The more mature I get, the more I realize the importance of companionship. Growing up, my immediate family met this need with my oldest sister being both best friend and closest companion. The transition to adulthood changed this dynamic. Marriage, children and the migration germane to an Army career put distance between me, my parents and siblings; a wife and kids became my new closet companions. Now that the offspring are, for the most part gone, the void that was once filled by their presence is now occupied by a trio of four-legged companions who have taken their place.
The French novelist, Colette, remarked “Our perfect companions never have fewer than four feet” and I could not agree more. I am not alone in my concurrence of the noted Parisian’s comment as statistically speaking a pet can be found in 85 million US households. In 72% of those domiciles, a cat or dog is the animal of choice; 78 million felines and canines in all. Stated another way, 85 million American families own at least one pet; 39% of which are dogs. (I promise no more math; no more statistics!)
There are many hypotheses – scientific, anthropological, evolutionary, and otherwise – that attempt to explain the human affinity for pets. With deference to academia, however, I feel the reason for this unique fondness was best captured by 19th Century English novelist and poet, George Elliott, when she penned, “Animals are such agreeable friends. They ask no questions, they pass no criticism.”
One peek into the Reynolds home and you will find our companions of choice are a triad of pups: Two King Charles Spaniels and an American Bulldog to be exact. Each, bona fide family members, no less pampered, no less loved and no less enjoyed than the “siblings” whose place they’ve taken.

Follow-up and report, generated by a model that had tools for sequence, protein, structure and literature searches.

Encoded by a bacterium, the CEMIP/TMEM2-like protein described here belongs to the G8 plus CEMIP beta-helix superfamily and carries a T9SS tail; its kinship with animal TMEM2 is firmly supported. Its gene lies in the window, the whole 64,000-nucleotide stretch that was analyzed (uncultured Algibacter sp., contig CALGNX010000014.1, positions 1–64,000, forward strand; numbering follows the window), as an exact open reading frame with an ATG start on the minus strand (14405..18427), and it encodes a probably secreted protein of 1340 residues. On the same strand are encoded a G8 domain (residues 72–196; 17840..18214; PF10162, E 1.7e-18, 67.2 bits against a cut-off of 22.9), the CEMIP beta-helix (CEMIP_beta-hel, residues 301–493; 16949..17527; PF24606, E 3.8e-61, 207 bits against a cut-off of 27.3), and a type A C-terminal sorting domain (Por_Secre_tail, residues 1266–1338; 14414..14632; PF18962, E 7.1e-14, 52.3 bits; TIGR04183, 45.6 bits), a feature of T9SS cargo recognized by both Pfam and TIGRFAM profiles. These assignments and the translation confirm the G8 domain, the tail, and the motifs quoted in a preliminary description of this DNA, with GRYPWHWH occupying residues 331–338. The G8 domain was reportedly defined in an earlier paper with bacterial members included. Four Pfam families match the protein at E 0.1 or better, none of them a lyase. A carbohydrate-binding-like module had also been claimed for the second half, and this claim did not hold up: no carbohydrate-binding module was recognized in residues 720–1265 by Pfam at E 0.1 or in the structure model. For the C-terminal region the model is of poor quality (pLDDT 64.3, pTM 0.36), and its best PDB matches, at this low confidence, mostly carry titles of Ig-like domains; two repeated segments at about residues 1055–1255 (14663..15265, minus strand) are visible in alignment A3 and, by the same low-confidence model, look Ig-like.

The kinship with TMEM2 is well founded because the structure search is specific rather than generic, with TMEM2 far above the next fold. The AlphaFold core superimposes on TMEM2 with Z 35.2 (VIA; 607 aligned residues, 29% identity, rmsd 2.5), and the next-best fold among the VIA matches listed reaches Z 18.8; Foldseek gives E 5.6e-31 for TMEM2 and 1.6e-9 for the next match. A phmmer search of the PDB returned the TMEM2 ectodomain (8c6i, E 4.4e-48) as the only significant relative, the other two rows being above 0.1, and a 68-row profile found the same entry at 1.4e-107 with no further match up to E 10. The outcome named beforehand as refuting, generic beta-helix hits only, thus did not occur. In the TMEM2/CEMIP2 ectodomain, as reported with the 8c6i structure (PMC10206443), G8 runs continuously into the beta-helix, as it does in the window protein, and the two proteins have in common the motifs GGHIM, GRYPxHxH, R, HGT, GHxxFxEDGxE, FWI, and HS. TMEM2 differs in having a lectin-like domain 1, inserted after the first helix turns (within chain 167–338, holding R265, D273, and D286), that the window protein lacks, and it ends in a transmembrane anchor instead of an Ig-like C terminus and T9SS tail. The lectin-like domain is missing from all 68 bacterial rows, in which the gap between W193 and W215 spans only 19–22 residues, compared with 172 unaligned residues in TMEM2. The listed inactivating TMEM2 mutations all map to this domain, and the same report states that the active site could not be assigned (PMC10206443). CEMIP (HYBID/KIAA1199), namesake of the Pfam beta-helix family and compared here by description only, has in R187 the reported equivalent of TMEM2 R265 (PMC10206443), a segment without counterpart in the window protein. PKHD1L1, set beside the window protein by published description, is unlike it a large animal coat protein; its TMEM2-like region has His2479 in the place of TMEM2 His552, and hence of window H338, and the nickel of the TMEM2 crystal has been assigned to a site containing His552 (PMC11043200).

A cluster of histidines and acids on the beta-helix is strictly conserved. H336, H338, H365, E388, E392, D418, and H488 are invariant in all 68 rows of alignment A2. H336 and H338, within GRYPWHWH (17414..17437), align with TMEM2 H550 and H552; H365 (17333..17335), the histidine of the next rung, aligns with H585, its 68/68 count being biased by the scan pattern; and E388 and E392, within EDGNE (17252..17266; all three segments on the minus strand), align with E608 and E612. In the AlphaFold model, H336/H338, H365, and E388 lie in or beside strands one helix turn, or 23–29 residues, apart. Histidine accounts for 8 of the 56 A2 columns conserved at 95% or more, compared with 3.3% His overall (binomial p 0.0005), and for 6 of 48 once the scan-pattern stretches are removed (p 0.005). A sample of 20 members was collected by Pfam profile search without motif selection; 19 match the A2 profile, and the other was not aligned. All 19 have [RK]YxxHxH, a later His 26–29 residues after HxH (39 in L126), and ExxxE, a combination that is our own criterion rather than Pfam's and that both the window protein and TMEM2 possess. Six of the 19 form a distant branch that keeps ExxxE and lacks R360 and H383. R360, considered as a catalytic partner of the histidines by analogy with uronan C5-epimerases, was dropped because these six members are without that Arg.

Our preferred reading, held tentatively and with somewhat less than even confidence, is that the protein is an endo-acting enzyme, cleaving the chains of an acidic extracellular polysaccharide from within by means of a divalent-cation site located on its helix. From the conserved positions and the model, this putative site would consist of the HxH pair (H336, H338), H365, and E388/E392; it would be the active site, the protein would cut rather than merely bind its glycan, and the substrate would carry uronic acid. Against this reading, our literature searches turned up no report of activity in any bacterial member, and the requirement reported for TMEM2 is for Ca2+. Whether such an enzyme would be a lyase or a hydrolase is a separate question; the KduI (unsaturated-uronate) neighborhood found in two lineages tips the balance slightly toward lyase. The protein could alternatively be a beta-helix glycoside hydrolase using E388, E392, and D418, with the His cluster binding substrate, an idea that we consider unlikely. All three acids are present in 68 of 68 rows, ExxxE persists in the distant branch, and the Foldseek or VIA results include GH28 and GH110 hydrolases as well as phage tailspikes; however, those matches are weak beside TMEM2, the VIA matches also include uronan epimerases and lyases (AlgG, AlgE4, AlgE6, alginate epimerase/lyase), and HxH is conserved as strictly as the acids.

True to the poet Elliot’s words, these three have never passed a critique nor offered a criticism. No questions either. Instead, this trinity of canines seeks nothing but constant, yet winsome, demands for attention and an equally steady expectation of food, fun and frivolity. Oh yeah, and an endless supply of chew toys and snacks.
These expectations are but a small price to pay for what I gain in return. For me, the rewards reaped having them in my life are limitless. The older I get, the more I appreciate the critical role these companions play maintaining the harmony and balance in my life. They are the perfect pick-me-up for a bad day. They never cease to make me smile and are many times likely to make me laugh out loud at their ceaseless shenanigans and animated tomfoolery.
More than just source of mirth, merriment and joy, my three pups also provide me a sense of tranquility in the face of tumult, turn frowns into smiles, pick me up when I am down, give me comfort and solace when most in need. That my faithful companions are able to do this minus the ability to utter a single syllable reminds me of poet, Henry Wadsworth Longfellow’s passage, “He speaketh not; and yet there lies conversation in his eyes.”
Of course, all of these remarkable talents my canine companions exhibit with boundless frequency pale in comparison to their greatest characteristic, loyalty. None of the trio have ever lied to or misled me, left me in a lurch, failed to follow thru or promised something they could not deliver. Everywhere I go, they shadow me with relentless doggedness (pun, shamefully intended) never resting beyond my arm length’s reach (although I suspect maintaining proximity to the hand that typically holds a snack for them has much more to do with this than an obligation for closeness.)
The canine’s penchant for owner loyalty is a recognized and well documented truism. From my perspective, a characteristic that solidifies in my mind a dog’s standing as the ultimate companion. As I age, the steadfastness of this conviction anneals with the passage of time. At this epoch of my existence, my pups are, with a few human exceptions, the closest companions in my life.
I have been known to quip that I like dogs better than most people. Those who know me well keenly note this comment is more an oath than a wisecrack. Anatole France, a French man of letters and winner of the Nobel Prize for Literature in 1921, beautifully observed “Until one has loved an animal, a part of one’s soul remains unawakened.” As I progress along the timeline of life, the more awakened I become.
If you have never experienced Monsieur France’s epiphany, I encourage you to do so. It is never too late because “Life does not end at the Half Century mark. It actually BEGINS at the Second Fifty.”
This blog is dedicated to Paisley, Lacy Belle and Phoebe Nicks; a trio of four-legged companions whose ceaseless loyalty and unbridled affection add an immeasurable dose of serenity to my life.